Hunting the elusive morel mushroom in the Canadian prairie during the springtime is a family tradition that is as imprinted in my memory as my own name. The only memory that can hold a close second to mushroom hunting is fishing, as I outlined in my recent post My First Authentic Canadian Food Memory: Wild Caught Fish.
While we have foraged various types of mushrooms growing up the Morel remains the most sought after one, a true family favorite. Morels grow for a mere few weeks in the springtime, if they grow at all. Finding any mushroom is hard enough for a forager but Morels take the cake for elusiveness.
Morel mushrooms grow when they want, where they want and it’s never the same year to year. You may be lucky enough to find your lucky morel picking patch, but even that won’t guarantee that those brown beauties will be there next year. Morels depend on so many magic factors all happening at one time that even having a patch means that you have to check them almost bi-weekly in the spring. They will grow once and be done with it for another year.
Morel mushroom hunting is one tradition that didn’t fall by the wayside as much when I had my children. I’ve still managed to get out every second year or so to hunt them, sometimes in Alberta and sometimes in Manitoba on trips back to see family.
I never stop looking down at the ground in the springtime, even walking in the River Valley here in Edmonton, there’s always something to be found.
Plus my own feet to trip over, of course. Looking down and to the side has its disadvantages when you are clutzy like I am.
The family tradition of picking morels has been passed on to my children without intention. It’s simply what I do, just as it’s simply what my mother did and my grandma, and so on down the family lines. Spring comes, you forage morels. Teaching children to fish has more intention to it, more planning involved. Foraging mushrooms happens on a simple walk to the park, or a quick stop at the side of the road because the time of year and natural area is just right.
My sister and I took the my kids back to visit my Grandma in Dauphin when my daughter was a few months old and my son just over 2. It was a beautiful Manitoba spring and we managed to fit in some morel hunting along the way.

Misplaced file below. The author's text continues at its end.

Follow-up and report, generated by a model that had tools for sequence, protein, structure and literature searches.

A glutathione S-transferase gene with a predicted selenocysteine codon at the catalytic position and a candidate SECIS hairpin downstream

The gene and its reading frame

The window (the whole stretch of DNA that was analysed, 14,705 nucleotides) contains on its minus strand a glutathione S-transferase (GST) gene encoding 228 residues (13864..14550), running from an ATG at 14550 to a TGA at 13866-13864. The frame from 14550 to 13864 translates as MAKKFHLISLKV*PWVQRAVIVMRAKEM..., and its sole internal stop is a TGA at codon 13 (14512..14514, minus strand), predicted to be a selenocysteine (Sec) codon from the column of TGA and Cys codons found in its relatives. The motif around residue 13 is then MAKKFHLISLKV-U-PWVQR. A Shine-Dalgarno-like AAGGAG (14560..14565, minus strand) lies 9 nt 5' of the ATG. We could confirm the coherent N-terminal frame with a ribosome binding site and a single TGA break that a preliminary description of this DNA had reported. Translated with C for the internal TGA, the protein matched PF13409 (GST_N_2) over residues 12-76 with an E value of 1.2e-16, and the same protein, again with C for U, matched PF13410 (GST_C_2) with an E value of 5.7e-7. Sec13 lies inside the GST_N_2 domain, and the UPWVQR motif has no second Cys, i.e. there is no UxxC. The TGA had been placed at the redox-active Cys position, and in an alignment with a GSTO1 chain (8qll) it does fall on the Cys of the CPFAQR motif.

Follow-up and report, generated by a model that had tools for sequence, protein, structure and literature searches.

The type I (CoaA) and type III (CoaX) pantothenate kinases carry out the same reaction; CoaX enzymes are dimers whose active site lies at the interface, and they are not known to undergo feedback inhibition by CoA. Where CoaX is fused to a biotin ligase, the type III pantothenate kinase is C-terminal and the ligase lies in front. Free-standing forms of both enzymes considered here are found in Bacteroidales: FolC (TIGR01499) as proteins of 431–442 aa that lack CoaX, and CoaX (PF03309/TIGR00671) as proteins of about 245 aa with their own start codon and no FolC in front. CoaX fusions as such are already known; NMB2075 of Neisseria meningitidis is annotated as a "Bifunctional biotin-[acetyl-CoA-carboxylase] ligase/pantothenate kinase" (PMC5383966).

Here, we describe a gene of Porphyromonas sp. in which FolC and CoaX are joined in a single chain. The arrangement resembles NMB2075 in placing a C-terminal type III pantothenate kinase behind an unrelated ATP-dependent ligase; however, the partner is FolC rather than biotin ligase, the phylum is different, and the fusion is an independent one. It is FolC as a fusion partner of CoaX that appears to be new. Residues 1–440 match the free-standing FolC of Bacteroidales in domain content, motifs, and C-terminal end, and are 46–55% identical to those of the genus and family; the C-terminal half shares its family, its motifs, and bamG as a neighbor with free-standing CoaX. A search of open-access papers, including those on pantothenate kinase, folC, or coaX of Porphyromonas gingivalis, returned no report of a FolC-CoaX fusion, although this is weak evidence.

This would be my son picking his very first morel, simply because we knew that the time was right in Manitoba and my sister and I saw plant habitat on the side of the road that was just right for morels.
It almost cannot be taught, but ingrained into you.
Mr K with his first haul of morels. His sister was napping the car seat as we foraged the side of the ditch in rural Pine River area in southern Manitoba.
The year we went back to Manitoba for my Grandma’s funeral, we went out morel picking with my Aunt and cousin Cody as well. It’s just what my family does in the springtime. If you get us all together and in one place during morel season – even if it’s for a funeral- you can bet that a group of us will most certainly be going out mushrooming.
Oh, be still my breaking Mama’s heart, he’s so little here. I want my too-tall nine-year old boy to be this little again, a sweet little three-year old angel.
It’s official. My heart just can’t take it. I’m going to now go and dig in the bins of baby clothes, hug and smell their baby blankets and try to ignore the fact that I want a baby.
Oh, but if they are babies they can’t go hunting Morels. I need to remind myself every now and then why having children that are through and done with their toddler years is wonderful.
My beautiful seven-year old morel hunting girlie was out kicking butt and taking ‘shroom numbers this past weekend. Those morels didn’t stand a chance. How beautiful it is to see another generation of children in my family learning the ways of the spring Morel hunt, and that I get to be the one guiding my children in this journey is a gift beyond measure.
She can stay this size now. This is just right.
Tomorrow I will be posting some insight on how to find those elusive morels, not that I am an expert by any means. However I found that when I was sharing pictures on my Facebook page that I received many questions on where to find them.
Don’t expect that I’ll be giving away my secret spots, however I did take a lot of photos in the hopes of helping others learn what to look for when picking areas to search for those elusive beauties known as Morels.
Does your family have any foraging traditions? Any mushrooms that you pick every year?
I’m now off to smell those baby blankets and convince myself that I don’t need another child.